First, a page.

Foreshadowing the expansion of bound metal printing by several years, Bradley Woods developed the idea of metal 3D printing filaments in 2014 when he obtained his first 3D printer kit. After 3D printing plastic parts, Woods realized that, in order for desktop 3D printing to truly have an impact, it would need to be able to tackle metal. Because he had already been developing sculpture techniques using powdered metallurgy, he came up with the idea for 3D printing filaments made up of metal powders bound within a polymer matrix.
The Virtual Foundry was born out of a 2015 Kickstarter campaign that raised 107% of its intended goal, allowing Woods to get out of his basement and into a facility stocked with commercial manufacturing equipment. Within two years, the baseline technology matured and the startup was ready for a President to steer the ship, at which point President Tricia Suess joined the company. We spoke to Suess and Woods to learn more about the company.
“Brad started with copper and now we’ve expanded our standard stock to 14 different materials,” Suess said. “We’ve got four ceramics, nine metals, including titanium and aluminum. And then we have one carbon fiber filament, which is our special binder blend with carbon fiber added to it. We also offer custom filaments. We’re making everything in 1.75mm and 2.85mm and in pellet form, too. Brad continuously works on improving the manufacturing process and the usability of the filaments. Over the years, they’ve gotten stronger and easier to work. We’ve also continued to higher and higher loads, which makes sintering it easier and results in a denser product at the end with relatively little shrinkage.”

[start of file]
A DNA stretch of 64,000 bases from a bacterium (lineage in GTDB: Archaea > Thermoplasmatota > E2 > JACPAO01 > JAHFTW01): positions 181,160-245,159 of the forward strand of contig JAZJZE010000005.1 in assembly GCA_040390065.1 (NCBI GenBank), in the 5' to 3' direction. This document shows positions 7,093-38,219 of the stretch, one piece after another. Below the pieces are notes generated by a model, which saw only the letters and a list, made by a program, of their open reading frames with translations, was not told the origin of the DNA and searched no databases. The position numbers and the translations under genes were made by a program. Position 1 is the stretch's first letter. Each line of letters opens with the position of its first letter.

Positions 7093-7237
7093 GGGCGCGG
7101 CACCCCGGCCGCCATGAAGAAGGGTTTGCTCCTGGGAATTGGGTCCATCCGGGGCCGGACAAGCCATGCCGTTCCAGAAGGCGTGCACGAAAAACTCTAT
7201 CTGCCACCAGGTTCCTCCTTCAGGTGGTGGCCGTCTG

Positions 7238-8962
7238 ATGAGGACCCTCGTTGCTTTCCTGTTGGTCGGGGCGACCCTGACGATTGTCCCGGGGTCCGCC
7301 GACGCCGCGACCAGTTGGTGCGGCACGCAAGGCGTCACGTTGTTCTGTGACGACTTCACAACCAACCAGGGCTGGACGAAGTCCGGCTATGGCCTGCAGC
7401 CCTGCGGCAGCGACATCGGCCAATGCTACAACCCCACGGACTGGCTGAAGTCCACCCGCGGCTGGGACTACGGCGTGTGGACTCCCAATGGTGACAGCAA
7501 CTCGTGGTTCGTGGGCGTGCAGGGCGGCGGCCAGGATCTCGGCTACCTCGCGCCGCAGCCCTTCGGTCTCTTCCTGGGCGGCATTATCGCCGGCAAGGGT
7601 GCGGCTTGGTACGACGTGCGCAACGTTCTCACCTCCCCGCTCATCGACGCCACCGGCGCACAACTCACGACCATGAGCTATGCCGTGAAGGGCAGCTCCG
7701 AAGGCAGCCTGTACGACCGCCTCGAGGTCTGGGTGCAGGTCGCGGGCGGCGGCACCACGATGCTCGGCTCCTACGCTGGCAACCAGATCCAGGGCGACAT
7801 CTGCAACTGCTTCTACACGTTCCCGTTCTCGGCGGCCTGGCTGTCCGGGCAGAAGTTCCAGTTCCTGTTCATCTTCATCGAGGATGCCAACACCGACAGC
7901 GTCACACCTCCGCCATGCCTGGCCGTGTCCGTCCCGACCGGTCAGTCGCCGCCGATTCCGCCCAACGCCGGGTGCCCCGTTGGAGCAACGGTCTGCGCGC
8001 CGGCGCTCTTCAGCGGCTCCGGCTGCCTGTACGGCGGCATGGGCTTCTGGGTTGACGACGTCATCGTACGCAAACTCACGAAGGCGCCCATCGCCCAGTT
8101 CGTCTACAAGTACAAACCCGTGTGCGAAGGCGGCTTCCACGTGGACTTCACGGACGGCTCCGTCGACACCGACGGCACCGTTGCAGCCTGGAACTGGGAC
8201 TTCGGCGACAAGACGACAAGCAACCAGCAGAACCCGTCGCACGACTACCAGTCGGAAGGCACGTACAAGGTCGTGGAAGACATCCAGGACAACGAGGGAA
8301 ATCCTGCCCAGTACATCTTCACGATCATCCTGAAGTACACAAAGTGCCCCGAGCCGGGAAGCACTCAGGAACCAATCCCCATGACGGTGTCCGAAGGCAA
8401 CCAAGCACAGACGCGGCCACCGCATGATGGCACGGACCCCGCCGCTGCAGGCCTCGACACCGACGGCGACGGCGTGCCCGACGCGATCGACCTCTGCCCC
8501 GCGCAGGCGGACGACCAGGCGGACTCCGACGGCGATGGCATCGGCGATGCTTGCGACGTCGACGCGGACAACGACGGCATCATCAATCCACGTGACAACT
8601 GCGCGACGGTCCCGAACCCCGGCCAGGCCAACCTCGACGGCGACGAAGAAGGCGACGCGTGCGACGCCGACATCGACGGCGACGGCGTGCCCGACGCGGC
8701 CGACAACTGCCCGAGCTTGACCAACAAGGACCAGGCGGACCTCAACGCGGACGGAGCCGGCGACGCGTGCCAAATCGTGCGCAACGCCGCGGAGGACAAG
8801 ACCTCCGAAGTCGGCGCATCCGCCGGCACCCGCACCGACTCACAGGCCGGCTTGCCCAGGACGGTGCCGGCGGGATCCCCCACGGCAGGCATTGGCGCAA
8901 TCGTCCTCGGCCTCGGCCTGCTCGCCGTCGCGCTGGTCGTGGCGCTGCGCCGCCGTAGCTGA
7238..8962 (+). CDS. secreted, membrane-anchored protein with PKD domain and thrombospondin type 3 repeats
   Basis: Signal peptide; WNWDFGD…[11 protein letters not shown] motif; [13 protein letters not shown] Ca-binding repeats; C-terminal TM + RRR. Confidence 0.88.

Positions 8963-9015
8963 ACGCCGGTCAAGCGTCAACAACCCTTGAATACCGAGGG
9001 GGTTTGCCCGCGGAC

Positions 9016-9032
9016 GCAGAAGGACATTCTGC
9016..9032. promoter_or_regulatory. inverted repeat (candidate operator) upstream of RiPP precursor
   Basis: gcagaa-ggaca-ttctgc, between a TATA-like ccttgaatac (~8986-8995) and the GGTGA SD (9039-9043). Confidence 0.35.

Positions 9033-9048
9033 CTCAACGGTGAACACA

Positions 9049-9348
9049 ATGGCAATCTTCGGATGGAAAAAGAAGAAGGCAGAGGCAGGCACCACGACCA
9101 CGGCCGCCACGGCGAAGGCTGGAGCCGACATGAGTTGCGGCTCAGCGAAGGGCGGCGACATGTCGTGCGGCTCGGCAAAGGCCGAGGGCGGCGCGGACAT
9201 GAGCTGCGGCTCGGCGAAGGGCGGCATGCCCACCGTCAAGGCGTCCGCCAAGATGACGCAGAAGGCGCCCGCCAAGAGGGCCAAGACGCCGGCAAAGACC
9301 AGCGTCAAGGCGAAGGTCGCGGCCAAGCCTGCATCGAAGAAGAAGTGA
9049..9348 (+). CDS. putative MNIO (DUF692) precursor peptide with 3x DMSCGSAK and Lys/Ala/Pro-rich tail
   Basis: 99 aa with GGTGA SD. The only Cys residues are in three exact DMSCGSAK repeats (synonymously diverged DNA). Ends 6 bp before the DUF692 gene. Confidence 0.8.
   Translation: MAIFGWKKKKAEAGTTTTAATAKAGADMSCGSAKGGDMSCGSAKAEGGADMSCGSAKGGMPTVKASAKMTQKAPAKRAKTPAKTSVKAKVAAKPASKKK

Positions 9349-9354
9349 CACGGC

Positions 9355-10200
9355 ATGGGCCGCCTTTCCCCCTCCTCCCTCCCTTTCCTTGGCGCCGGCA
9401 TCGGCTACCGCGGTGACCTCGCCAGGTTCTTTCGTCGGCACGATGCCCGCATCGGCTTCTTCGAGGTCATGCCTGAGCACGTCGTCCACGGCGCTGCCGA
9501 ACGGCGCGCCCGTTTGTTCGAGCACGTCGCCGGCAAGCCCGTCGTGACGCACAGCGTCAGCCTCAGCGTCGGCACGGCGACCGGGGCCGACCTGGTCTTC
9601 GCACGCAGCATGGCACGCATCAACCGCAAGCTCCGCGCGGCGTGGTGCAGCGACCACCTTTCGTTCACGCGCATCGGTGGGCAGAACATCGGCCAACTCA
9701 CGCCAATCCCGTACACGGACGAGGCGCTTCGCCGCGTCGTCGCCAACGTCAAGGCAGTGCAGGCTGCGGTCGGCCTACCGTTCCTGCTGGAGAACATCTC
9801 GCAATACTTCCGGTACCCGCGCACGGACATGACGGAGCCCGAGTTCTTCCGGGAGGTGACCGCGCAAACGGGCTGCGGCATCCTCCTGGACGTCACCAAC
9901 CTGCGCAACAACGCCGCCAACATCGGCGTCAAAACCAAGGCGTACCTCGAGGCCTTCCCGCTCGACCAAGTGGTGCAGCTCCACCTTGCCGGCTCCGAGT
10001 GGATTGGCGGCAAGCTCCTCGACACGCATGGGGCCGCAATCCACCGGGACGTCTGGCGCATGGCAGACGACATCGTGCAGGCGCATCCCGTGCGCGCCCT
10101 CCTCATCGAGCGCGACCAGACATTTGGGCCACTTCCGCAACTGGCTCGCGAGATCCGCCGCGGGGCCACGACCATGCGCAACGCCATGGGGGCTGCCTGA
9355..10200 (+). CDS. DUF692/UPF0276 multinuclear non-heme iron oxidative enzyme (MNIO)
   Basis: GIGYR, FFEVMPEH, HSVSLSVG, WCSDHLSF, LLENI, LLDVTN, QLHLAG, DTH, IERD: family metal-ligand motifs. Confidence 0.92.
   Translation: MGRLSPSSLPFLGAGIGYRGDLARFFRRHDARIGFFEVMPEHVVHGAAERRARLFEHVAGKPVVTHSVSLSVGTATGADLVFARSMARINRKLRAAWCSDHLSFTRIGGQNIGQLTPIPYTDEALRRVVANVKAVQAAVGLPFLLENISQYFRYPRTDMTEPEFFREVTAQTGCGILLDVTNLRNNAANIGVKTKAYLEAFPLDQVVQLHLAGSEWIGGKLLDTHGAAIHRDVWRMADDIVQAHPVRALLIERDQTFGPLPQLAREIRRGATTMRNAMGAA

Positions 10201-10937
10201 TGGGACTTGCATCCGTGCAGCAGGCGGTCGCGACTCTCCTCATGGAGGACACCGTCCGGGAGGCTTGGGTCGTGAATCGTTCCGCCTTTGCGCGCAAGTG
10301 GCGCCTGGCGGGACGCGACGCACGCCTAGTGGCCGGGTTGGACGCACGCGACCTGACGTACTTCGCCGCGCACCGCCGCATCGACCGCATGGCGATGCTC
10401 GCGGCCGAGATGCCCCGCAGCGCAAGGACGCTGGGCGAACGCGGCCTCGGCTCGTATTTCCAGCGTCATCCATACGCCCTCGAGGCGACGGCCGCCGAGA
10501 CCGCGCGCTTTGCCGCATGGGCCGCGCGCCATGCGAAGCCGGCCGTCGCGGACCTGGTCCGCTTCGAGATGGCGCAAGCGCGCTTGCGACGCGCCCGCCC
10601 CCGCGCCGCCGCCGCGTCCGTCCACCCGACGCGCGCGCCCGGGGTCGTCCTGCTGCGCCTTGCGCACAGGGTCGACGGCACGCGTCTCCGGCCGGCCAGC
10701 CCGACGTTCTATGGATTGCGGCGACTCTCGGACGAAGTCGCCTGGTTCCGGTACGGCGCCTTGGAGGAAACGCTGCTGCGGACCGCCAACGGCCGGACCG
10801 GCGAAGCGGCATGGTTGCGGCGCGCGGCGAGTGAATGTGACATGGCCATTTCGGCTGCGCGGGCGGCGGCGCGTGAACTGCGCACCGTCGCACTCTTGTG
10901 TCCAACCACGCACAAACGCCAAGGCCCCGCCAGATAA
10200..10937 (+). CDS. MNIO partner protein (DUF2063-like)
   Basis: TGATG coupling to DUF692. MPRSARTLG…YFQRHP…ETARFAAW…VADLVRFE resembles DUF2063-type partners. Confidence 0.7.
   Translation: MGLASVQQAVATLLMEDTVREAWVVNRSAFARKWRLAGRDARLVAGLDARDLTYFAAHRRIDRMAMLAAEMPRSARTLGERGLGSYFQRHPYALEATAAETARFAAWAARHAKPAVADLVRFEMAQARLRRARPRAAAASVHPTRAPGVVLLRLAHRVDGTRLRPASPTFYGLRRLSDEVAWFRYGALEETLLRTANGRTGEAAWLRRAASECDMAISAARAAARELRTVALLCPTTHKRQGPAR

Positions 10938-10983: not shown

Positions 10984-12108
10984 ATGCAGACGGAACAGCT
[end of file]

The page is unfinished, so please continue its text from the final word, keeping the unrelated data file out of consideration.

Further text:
The company’s materials predate bound metal printing technologies from Markforged and Desktop Metal by two years, with these latter firms introducing their own forms of metal 3D printing in 2017. Both the Metal X from Markforged and the Studio machine from Desktop Metal are closed, dedicated systems, which offer the benefits of something close to a plug-and-play experience but lack the flexibility of using any type of fused filament fabrication 3D printer. Moreover, no chemical solutions are required to debind parts printed with The Virtual Foundry filaments, necessitating only a furnace. All of the above makes The Virtual Foundry more suitable for educational environments.
It’s worth noting that, with bound metal printing as well as with metal injection molding technologies, there is a trade-off between part density and shrinkage. In the case of copper, the highest density achievable would be about 97 density with 15 percent shrinkage, but shrinkage can be kept to under 7 percent with 10 to 12 percent porosity.